Of the more than 93,000 acres destroyed in Oklahoma wildfires, nearly 60,000 acres were in Creek County. According to the Department of Agriculture Forestry Services it is one of the largest fires in the history of the state. Senate President Pro Tempore Brian Bingman represents Creek County in the State Senate, while Rep. Skye McNiel represents the area in the House.
“It is devastating. We canvassed the area Monday and talked to people who’ve lost everything--some have insurance, others don’t. They had so little time to evacuate—in some cases, just enough to let their horses and cattle free. Some people are staying on their property even though their houses are gone, just trying to take care of their animals,” said Bingman, R-Sapulpa. “I went through the area with other volunteers to bring people water, food—whatever we could do to help.”
McNiel and two of her daughters, ages six and nine, went door to door with Bingman handing out water. She described the scene as heartbreaking.
“There was one family who lost their home in the fire, and they had four little girls, all under the age of five. I can’t even imagine trying to keep it together and care for your children after going through something like that,” said McNiel, R-Bristow. “But the spirit of the people here is amazing. Time after time we spoke with people who lost everything, but were saying at least they saved their pets or just giving thanks that they were all okay—they were looking at the positives and more worried about how their neighbors were doing.”
Bingman said citizens from Mannford and surrounding communities have been bringing in water, ice and perishables to help those impacted by the fires. He said many who didn’t lose their homes had no electricity or water, so it was an extremely difficult situation for them as well.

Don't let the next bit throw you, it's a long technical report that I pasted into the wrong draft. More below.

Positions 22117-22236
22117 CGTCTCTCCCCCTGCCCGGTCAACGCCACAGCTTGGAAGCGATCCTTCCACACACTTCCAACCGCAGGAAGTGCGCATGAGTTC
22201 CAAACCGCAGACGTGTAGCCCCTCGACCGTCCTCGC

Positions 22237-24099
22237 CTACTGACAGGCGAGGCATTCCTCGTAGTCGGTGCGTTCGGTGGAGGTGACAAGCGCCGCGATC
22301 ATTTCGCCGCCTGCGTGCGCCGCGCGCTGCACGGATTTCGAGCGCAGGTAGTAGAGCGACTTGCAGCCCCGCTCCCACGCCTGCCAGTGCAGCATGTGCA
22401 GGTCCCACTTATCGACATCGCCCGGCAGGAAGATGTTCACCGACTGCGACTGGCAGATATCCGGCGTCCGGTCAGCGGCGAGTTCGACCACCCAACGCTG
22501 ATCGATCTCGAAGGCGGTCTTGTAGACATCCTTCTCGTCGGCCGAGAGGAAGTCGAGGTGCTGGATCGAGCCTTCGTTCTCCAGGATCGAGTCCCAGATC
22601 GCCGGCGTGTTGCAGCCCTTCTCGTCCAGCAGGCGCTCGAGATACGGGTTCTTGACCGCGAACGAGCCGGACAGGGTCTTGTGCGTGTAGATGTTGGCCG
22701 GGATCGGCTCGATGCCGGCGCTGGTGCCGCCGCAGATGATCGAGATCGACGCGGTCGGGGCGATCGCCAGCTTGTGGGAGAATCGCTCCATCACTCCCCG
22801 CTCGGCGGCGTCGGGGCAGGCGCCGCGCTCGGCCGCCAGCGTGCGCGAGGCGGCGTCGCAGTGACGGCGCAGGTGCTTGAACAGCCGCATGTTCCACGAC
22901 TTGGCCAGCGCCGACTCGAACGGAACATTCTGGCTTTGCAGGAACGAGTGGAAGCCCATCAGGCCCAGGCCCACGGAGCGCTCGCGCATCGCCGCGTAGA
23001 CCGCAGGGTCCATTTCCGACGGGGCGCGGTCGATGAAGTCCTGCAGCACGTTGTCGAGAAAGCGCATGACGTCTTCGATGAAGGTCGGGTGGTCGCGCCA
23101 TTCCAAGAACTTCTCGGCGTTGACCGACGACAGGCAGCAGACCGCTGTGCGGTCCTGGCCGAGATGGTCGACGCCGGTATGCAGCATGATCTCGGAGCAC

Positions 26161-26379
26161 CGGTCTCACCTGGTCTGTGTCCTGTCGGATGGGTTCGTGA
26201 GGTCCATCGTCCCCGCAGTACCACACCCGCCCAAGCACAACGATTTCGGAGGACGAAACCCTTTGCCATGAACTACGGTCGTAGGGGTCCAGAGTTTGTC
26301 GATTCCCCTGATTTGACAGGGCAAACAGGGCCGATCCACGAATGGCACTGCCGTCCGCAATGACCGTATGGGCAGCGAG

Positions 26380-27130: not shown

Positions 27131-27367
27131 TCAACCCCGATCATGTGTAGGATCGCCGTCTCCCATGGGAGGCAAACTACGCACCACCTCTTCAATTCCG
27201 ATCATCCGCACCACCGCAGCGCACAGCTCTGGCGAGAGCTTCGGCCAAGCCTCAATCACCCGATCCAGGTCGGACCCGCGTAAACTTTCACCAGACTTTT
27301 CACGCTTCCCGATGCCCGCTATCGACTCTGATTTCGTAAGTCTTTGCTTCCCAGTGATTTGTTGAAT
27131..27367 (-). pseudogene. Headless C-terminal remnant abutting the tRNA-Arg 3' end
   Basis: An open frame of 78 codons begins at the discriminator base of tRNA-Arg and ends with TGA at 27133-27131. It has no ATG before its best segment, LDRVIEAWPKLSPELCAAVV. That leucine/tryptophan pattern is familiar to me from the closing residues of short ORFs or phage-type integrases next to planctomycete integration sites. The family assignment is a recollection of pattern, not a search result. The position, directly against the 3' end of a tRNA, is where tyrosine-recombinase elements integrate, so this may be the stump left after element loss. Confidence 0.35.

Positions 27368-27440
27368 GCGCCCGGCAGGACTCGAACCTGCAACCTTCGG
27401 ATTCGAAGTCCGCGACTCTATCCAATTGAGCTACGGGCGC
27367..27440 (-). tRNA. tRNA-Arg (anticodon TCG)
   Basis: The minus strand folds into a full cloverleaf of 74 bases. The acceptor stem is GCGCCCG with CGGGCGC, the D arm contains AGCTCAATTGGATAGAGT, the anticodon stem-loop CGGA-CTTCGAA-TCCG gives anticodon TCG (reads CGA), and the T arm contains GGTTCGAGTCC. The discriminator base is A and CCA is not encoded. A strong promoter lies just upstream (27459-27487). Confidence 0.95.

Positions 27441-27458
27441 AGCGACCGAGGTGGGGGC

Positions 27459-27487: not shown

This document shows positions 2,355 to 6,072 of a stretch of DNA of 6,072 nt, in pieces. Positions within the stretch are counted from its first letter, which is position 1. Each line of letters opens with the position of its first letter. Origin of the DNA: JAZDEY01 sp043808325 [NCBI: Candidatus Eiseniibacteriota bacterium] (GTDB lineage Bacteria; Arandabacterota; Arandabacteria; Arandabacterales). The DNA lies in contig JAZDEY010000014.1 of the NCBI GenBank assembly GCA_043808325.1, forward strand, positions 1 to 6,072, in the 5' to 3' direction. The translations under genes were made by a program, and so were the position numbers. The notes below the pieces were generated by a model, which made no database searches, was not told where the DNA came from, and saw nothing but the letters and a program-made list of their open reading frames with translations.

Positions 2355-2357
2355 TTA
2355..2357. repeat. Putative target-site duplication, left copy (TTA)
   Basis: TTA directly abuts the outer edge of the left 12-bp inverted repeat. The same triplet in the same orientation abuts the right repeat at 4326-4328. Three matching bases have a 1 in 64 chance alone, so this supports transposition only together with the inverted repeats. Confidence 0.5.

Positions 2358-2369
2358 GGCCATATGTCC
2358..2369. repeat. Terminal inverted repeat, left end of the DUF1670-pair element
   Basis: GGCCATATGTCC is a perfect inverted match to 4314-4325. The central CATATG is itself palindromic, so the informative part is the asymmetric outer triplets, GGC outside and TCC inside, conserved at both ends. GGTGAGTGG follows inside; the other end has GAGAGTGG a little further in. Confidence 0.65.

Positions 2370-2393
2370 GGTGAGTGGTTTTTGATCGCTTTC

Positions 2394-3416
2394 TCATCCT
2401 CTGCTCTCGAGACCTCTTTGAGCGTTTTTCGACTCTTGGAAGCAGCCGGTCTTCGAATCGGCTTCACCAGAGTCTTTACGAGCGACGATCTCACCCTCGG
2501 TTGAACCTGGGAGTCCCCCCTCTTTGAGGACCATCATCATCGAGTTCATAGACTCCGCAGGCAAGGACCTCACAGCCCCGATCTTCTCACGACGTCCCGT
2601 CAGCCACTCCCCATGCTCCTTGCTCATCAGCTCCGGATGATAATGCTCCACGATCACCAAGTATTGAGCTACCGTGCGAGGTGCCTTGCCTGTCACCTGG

Bingman described the area as a war zone and said it was hard to fully comprehend the scope of the disaster without being on the scene. The senator said during a fly-over of the area Monday night hot-spots were still clearly visible. He praised the rural firefighters who battled the flames for the past several days.
“These are volunteer firefighters working for days without sleep, risking their own lives in a very, very dangerous situation. They deserve our thanks along with the other first-responders and volunteers who’ve been on the scene,” Bingman said. “We also want to thank everyone who has donated water, food and funds to help the victims.”
McNiel also pointed to the tireless efforts of linemen working to restore power to area citizens.
“The heat and the conditions are very challenging, but they’ve been doing their best to get electricity restored, and that is so important in this heat,” McNiel said. “In addition to all the firefighters, emergency responders and volunteers, the linemen deserve thanks as well.”
In addition to addressing the needs of people impacted by the fires, Mannford City Manager Mike Nunneley said city and county officials were coordinating efforts to help with the horses and cattle that had been left without food or water and working to locate fencing and address other needs.
Red Cross officials on Tuesday announced their new shelter location for Mannford would be the First United Methodist Church at 100 East Greenwood Avenue. Anyone wishing to contribute to the relief effort is asked to go to their official website at www.redcross.org.
“Our hearts go out to all Oklahomans impacted by these fires. But there are two things we can say for certain about this state; our citizens are known world-wide for their compassion for their neighbors and their willingness to help one another, and the depth of that compassion is equaled by our resiliency,” Bingman said.